On the plus side, Hamilton would provide a much-needed defensive upgrade for an Orioles club that was one of the worst last season — especially in center, where Adam Jones struggled (and was moved off the position) and Cedric Mullins endured a shaky adjustment to the big leagues. Although Hamilton’s glove has declined in recent years, with a career-worst four Defensive Runs Saved in 2018 per FanGraphs, the 28-year-old is still capable of making spectacular plays. He ranked fifth in the majors this past season with 16 Outs Above Average (a stat I explained in detail earlier this year).

Hamilton would also represent the Orioles’ biggest base-stealing threat since Brian Roberts’ heyday, and perhaps their biggest ever. When he broke into the majors in 2013, some thought Hamilton could rack up MLB’s first 100-steal season since the 1980s. Hamilton’s inability to get on base has stifled those expectations, but he still had four seasons of 56 or more steals and is 277 for 340 (an 81 percent success rate) in his career. It seems a long shot that the Orioles would sign Hamilton, but he’d be a fascinating addition.

C James McCann

With the Orioles’ non-tendering of Joseph, they could look for a veteran catcher to provide support for the relatively inexperienced Austin Wynns and Chance Sisco. McCann has served as the Detroit Tigers’ primary catcher for the past four seasons.

McCann, though, isn’t exactly a huge upgrade over Joseph. In fact, the two put up similar offensive numbers in 2018; McCann batted .220 with a .581 OPS, while Joseph hit .219/.575. In general, though, McCann has a bit more offensive upside than Joseph, and at 28, he’s four years younger. He’s also thrown out 37 percent of attempted base stealers as opposed to Joseph’s 31 percent.

Still, if the Orioles thought Joseph wasn’t worth a salary higher than the $1.25 million he earned last year, would they be willing to offer comparable deal to McCann?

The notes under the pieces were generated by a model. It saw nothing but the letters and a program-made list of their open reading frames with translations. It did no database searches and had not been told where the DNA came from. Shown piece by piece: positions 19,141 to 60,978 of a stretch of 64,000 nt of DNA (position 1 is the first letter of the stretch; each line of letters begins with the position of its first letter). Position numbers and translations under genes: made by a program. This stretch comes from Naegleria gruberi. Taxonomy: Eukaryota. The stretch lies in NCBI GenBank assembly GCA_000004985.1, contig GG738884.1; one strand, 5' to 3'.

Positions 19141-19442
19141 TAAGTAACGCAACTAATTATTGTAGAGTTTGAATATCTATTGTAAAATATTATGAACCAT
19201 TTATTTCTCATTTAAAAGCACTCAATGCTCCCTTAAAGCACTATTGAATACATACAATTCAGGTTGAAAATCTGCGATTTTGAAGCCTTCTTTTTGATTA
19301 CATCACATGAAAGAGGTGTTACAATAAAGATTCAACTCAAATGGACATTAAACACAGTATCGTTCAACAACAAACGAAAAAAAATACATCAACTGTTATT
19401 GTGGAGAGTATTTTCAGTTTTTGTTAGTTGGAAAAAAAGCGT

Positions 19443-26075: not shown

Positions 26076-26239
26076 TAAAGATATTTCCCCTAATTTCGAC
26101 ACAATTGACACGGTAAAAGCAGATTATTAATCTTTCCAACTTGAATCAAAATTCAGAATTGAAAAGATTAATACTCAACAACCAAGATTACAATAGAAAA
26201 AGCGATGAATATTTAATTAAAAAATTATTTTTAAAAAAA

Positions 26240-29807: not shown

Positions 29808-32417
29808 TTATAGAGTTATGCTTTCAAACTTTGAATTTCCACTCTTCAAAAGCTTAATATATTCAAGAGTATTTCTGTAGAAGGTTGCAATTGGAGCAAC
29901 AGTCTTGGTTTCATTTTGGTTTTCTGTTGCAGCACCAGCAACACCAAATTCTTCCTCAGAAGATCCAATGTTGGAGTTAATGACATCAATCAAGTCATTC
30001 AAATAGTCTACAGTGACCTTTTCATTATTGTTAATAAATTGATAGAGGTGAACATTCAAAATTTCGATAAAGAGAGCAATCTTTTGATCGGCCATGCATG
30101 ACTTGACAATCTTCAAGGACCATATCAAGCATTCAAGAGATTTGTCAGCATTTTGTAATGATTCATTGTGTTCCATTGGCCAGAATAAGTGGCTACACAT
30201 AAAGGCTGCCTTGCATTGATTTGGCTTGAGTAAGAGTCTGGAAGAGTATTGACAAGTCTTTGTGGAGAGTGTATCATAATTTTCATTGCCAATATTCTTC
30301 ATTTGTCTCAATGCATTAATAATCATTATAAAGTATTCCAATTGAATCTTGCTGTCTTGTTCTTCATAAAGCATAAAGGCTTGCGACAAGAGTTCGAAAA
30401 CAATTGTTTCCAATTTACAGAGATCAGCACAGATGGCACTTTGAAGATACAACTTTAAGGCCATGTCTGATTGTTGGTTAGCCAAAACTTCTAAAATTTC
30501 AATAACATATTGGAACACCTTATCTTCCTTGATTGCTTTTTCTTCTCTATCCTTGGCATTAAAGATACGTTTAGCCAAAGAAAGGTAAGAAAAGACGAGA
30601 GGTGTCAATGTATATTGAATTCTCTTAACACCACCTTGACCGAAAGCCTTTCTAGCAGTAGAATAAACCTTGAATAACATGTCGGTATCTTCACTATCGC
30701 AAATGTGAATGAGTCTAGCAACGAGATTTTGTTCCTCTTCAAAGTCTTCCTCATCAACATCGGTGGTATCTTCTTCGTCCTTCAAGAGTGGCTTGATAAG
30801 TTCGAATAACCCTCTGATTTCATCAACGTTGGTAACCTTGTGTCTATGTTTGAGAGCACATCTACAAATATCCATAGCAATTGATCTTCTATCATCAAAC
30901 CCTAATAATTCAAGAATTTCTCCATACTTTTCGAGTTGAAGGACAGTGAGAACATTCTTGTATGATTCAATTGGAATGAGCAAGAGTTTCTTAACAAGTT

RHP Brad Boxberger

The Orioles’ bullpen is a work in progress, especially from the right side. Closer Mychal Givens and long reliever Miguel Castro appear to be safe bets to crack the Opening Day relief crew, but no other right-handers are assured a spot. The Orioles could look to sign a veteran who not only could help anchor the bullpen, but could be dealt away for a prospect at the trading deadline, when relievers are often a valuable commodity.

Boxberger is one such possibility. The 30-year-old spent much of 2018 as the Diamondbacks’ closer, notching 32 saves, but tailed off after the All-Star break. He had a 7.00 ERA in 22 games in the second half compared to a 3.06 mark in 38 games in the first.

Boxberger’s experience in the AL East could appeal to the Orioles. He had a 3.33 ERA in four seasons with the Tampa Bay Rays, including an All-Star selection in 2015, when he led the AL with 41 saves. The previous season, he enjoyed an immaculate inning against the Orioles on May 8, when he entered in a bases-loaded jam and struck out the side on nine pitches. Boxberger would provide a backup closer option if Givens struggles or is traded.

2B Jonathan Schoop

I’m including Schoop on this list because he’s an Orioles fan favorite and would provide instant name recognition on an O’s roster that’s going through sweeping changes. And the Orioles do have an opening in the middle infield, with Jonathan Villar able to start at either second base or shortstop. It would be quite a twist to see Schoop and Villar, who were traded for each other just five months ago, team up as the Orioles’ double-play combination.

In reality, though, there’s little chance Schoop will return, to echo Rich Dubroff’s thoughts. Schoop’s track record of success — including a 2017 All-Star bid — and age (27) mean he’ll probably find better offers on the table elsewhere. Maybe he’ll even attempt to reunite with his best friend, Manny Machado, who is also testing the free-agent waters. Elias and the as-yet-undetermined Orioles’ coaching staff have no previous ties to Schoop, so it’s unlikely they’ll feel any nostalgia to return him to the fold in Baltimore.